Tickets have now sold out, but will be available on the door on a “first come, first served” basis.
The Assembly Rooms – Friday 10th February and Saturday 11th February
Screen 9 by Kate Barton
“There were shouts everywhere. Then I heard the transition from shouts to screams.”
‘Screen 9’ is a documentary piece which is a culmination of over a year’s worth of research into the Aurora shootings in Colorado during a showing of ‘The Dark and Knight Rises’ in 2012. The script follows four characters, created from interviews with American citizens, survivors, articles, press releases, blogs, videos, tweets, and trial coverage. The play follows the before, during, and aftermath of the event, focusing on how individuals respond and cope with tragedy. Every single line has been resourced and nothing has been fabricated.
Part of me struggles to take the credit as the writer for Screen 9. In truth, I feel that I should have been named the facilitator, compiler and researcher for the project! Screen 9 is a documentary piece which has been over a year in the making; a culmination of research into the Aurora shootings in Colorado during a showing of The Dark Knight Rises in 2012. The script follows four characters, created from interviews with American citizens, survivors, articles, press releases, blogs, videos, tweets, and trial coverage. Every single line has been resourced and nothing has been fabricated. I wanted to explore the notion that tragedy can occur anywhere and that it changes, not only our conception of the space it took place in but also the individual. Like many things, it came about after a 4am conversation 2 years ago and my passion for telling stories from voices rarely heard. This is the survivor’s story, not mine. Kate Barton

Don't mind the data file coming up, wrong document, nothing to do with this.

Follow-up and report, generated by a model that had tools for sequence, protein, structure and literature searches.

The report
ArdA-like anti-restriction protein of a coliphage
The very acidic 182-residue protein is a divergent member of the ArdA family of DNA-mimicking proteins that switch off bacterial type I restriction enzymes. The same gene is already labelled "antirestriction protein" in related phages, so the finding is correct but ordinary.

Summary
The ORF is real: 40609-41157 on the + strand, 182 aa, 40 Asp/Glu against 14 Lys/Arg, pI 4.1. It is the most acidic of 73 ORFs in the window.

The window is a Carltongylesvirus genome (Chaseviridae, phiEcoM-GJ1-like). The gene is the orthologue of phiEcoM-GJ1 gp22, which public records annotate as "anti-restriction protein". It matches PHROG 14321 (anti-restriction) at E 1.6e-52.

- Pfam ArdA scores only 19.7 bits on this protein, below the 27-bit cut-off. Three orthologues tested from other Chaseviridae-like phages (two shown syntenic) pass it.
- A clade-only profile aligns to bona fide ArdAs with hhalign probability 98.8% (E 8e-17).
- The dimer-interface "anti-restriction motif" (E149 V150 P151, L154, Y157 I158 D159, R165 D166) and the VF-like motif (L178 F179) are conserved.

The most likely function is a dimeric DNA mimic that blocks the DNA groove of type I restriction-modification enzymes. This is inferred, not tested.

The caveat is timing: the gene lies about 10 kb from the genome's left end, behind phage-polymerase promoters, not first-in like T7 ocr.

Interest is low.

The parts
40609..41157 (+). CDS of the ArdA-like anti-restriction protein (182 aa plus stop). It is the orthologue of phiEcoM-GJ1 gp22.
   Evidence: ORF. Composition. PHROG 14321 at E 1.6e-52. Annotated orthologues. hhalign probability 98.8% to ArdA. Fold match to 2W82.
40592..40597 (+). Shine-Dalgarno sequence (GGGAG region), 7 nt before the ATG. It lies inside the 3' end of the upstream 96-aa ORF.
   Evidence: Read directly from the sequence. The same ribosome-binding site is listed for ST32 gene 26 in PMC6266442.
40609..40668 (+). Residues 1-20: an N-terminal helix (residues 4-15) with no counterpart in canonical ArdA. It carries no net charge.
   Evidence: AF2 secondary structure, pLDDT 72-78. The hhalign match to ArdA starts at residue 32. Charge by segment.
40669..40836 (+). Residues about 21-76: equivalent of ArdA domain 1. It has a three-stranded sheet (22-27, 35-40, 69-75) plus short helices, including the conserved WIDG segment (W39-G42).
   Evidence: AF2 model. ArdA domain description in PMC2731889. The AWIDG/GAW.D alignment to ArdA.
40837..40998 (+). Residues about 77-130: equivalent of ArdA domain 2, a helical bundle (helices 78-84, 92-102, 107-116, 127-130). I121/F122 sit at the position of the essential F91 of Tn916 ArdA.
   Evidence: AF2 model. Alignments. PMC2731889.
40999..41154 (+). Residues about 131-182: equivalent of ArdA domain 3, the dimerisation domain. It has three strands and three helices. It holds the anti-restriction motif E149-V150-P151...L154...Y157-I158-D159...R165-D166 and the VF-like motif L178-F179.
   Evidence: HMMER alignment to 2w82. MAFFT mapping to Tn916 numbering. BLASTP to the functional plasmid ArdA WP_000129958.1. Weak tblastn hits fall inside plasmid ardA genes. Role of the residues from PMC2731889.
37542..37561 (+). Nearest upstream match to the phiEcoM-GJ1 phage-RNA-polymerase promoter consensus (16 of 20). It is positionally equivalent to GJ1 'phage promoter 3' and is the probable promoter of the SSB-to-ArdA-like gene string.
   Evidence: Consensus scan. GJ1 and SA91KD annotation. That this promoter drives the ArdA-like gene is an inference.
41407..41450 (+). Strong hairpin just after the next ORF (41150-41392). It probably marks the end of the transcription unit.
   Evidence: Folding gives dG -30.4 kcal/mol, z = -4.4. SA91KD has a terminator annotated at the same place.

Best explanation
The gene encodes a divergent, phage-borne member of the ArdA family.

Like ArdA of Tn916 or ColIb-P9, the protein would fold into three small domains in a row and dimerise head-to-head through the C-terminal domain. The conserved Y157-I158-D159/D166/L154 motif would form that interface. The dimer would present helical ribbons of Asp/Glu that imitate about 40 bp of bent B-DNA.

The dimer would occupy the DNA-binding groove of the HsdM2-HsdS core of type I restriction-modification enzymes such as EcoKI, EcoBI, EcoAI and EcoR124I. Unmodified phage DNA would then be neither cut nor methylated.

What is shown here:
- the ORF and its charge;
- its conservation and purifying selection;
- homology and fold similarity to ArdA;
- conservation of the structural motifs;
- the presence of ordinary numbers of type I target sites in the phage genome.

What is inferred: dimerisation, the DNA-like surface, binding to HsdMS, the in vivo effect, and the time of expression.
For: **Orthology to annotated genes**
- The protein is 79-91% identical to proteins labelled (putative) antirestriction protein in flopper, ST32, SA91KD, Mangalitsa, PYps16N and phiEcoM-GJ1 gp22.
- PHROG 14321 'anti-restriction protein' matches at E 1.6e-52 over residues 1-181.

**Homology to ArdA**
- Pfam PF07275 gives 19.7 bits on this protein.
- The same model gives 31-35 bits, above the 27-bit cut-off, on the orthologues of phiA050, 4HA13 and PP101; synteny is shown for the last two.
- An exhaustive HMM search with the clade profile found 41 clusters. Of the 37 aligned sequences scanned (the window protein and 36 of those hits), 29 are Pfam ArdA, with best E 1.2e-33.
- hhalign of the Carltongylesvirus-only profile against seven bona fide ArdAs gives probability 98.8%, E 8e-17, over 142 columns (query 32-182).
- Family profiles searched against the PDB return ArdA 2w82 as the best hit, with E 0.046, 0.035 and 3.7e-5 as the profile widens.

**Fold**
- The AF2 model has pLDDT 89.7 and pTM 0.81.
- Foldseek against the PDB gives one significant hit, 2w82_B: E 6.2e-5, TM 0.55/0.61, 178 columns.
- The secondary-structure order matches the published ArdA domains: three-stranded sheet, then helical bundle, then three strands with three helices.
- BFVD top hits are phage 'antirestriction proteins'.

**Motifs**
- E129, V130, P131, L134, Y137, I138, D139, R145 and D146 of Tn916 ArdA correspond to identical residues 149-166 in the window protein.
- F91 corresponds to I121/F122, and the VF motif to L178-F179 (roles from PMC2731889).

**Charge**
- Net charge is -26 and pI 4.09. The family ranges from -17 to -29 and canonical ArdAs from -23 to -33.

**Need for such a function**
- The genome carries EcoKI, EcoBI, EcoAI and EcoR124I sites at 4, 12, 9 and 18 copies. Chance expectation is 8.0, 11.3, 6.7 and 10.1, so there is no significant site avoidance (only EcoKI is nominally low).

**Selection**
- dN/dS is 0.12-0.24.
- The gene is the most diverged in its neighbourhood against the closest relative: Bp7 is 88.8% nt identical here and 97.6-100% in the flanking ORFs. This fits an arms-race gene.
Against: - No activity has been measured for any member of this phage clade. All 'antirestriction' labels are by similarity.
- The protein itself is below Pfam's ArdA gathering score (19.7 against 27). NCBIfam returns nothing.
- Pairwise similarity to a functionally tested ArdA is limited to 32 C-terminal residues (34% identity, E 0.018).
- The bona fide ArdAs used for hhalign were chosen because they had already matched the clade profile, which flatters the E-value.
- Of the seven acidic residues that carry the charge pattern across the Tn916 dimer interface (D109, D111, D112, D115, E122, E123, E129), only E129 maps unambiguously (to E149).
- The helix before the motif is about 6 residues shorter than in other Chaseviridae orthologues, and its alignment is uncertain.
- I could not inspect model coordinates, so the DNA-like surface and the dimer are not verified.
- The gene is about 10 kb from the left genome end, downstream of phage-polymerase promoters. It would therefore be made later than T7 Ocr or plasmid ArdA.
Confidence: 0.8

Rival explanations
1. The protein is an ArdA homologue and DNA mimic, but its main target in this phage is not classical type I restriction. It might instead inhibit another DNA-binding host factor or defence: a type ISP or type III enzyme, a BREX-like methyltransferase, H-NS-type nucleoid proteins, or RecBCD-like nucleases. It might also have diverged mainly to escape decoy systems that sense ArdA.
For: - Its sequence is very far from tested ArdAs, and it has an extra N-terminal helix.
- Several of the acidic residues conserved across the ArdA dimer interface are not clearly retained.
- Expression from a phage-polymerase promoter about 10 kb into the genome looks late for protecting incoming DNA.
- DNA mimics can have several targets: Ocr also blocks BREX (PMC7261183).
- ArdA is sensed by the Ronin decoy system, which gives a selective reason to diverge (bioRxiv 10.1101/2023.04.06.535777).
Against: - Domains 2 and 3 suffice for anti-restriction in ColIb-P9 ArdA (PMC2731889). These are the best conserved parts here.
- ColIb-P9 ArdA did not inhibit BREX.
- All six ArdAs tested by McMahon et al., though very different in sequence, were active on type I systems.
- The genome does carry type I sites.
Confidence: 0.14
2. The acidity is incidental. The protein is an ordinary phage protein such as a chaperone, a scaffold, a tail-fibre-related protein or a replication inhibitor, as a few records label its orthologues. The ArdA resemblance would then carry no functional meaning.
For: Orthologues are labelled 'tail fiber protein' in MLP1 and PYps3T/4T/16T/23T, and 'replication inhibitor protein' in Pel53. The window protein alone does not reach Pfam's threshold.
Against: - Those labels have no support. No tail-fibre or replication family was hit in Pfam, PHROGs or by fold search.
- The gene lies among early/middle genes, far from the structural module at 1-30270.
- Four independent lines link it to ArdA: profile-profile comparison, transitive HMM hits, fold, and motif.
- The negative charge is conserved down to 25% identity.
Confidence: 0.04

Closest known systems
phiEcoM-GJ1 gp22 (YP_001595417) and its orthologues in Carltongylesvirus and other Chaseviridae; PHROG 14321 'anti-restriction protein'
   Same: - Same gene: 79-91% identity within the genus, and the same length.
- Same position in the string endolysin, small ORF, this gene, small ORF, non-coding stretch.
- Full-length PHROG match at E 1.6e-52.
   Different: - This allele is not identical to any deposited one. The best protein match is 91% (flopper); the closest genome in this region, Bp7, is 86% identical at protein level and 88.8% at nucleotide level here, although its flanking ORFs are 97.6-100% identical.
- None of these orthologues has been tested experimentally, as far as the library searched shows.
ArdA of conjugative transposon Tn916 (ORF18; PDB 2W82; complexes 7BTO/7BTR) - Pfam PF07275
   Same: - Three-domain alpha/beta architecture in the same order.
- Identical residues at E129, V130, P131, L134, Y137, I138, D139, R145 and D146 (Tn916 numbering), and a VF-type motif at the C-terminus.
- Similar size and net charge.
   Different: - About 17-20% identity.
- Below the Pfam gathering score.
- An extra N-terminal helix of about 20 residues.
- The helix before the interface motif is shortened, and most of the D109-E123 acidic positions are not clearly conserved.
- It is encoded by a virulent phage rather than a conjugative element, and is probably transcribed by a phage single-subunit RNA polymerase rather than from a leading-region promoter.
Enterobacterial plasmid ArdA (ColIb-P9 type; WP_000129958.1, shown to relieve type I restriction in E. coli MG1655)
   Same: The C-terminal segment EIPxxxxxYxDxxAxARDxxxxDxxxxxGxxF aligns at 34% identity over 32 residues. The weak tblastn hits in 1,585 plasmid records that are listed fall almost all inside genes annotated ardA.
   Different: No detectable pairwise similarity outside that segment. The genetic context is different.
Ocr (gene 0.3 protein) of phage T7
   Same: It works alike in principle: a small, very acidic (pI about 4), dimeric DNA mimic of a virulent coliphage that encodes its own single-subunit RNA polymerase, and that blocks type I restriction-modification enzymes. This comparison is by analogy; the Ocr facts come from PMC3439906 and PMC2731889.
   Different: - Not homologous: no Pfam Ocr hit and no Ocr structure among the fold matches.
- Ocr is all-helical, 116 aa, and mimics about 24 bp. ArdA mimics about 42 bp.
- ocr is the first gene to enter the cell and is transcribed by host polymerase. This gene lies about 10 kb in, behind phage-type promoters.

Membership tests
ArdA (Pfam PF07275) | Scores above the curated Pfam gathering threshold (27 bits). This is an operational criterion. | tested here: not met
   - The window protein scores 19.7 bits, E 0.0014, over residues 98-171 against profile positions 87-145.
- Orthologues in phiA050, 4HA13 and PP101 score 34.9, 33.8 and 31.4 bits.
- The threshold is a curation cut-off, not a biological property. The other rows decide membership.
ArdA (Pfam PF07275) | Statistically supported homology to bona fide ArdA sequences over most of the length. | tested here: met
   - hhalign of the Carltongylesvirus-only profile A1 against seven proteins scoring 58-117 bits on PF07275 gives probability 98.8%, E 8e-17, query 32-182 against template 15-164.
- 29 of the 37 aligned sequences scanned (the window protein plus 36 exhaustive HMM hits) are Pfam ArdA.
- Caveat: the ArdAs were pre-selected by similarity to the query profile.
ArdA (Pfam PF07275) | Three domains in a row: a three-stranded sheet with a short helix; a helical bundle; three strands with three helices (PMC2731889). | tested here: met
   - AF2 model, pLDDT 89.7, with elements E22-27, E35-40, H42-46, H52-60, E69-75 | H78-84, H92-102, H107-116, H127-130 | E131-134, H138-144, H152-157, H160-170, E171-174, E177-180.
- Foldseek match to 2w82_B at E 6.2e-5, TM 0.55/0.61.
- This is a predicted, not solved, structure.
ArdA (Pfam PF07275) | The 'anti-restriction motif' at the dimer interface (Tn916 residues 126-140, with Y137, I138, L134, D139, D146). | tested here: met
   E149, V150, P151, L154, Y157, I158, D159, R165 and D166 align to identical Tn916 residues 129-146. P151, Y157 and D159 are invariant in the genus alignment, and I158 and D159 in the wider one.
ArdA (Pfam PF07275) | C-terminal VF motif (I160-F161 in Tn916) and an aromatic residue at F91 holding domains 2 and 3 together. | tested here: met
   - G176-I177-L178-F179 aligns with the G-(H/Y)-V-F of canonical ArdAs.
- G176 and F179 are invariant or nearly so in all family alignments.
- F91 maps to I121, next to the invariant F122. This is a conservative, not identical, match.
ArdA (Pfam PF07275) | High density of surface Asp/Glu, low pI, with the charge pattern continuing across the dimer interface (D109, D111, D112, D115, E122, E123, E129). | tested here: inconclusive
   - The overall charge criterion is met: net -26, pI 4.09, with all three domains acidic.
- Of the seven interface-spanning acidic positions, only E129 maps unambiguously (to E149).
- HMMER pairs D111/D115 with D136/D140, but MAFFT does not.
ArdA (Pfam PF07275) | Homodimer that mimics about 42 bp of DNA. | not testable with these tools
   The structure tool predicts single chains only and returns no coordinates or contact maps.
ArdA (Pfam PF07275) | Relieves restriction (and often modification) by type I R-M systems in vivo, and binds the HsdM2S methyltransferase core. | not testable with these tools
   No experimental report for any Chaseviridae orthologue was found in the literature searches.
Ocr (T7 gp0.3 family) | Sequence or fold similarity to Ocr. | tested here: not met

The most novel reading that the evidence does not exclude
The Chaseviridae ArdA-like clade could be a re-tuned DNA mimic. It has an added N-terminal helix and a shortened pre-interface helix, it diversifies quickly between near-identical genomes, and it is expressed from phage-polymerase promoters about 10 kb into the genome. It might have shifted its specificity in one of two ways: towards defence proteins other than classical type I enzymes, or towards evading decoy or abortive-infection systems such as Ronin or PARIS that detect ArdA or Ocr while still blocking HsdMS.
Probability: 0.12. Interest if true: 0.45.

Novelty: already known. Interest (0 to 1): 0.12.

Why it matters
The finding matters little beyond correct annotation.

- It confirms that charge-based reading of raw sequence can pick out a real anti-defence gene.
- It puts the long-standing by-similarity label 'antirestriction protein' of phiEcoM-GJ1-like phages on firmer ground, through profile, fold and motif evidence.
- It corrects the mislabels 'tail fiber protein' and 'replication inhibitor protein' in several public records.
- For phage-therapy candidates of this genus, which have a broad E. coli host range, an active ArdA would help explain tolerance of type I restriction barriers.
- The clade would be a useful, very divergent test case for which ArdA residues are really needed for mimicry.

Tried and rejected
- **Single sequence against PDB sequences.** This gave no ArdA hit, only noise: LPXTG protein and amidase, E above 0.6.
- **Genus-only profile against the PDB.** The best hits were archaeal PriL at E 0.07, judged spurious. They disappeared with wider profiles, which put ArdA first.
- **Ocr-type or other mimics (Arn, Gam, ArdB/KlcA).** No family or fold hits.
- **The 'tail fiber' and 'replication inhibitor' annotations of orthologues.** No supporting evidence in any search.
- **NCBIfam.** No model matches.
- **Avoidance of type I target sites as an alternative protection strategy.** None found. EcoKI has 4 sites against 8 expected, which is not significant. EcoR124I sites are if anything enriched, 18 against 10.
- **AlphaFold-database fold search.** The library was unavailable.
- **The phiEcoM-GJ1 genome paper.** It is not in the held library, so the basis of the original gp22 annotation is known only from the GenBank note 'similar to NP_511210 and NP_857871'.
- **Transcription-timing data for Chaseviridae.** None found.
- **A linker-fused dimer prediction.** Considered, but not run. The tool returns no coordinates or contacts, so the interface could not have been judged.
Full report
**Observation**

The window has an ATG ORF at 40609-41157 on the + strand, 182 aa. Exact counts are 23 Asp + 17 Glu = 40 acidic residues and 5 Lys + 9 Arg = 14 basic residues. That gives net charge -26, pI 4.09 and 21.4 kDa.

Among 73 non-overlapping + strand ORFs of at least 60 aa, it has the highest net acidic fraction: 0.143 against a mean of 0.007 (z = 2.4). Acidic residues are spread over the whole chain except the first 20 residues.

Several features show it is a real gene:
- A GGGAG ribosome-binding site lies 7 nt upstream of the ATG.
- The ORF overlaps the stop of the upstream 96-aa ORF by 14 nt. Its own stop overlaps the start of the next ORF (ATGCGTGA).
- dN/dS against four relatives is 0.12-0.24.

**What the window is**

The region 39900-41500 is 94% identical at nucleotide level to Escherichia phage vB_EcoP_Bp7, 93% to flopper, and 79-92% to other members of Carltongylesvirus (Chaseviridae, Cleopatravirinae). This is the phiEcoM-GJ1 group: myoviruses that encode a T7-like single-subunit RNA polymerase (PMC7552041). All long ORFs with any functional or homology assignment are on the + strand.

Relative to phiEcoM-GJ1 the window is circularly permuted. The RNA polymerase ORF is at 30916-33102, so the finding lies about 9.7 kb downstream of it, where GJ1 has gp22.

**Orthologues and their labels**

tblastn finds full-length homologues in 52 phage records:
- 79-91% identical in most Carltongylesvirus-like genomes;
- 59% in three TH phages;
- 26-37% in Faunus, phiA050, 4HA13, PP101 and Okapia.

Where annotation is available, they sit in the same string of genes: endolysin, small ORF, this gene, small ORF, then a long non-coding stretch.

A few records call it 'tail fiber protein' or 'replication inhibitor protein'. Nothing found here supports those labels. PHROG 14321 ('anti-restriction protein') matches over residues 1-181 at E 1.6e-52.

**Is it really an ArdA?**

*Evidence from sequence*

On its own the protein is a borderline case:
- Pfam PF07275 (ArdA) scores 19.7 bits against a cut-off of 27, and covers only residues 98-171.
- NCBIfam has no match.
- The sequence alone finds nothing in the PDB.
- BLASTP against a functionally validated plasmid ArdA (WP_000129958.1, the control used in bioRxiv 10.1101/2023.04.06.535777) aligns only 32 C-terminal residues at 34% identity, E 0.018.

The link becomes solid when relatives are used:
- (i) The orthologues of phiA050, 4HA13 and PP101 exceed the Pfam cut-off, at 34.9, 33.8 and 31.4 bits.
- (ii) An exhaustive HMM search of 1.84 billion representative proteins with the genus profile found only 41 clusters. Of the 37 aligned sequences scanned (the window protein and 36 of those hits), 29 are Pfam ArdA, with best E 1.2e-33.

Alford and the Acid Tip by Kate Lipson
California. USA. The local penitentiary’s Death Row is in full swing. But not if three protesters can help it. Follow their journeys through mind, matter, and surreality. From game shows to prison gates, ‘Alford and the Acid Trip’ is a hallucinogenic comedic exploration of the capital punishment and its consequences.
Toll by Charlie Keable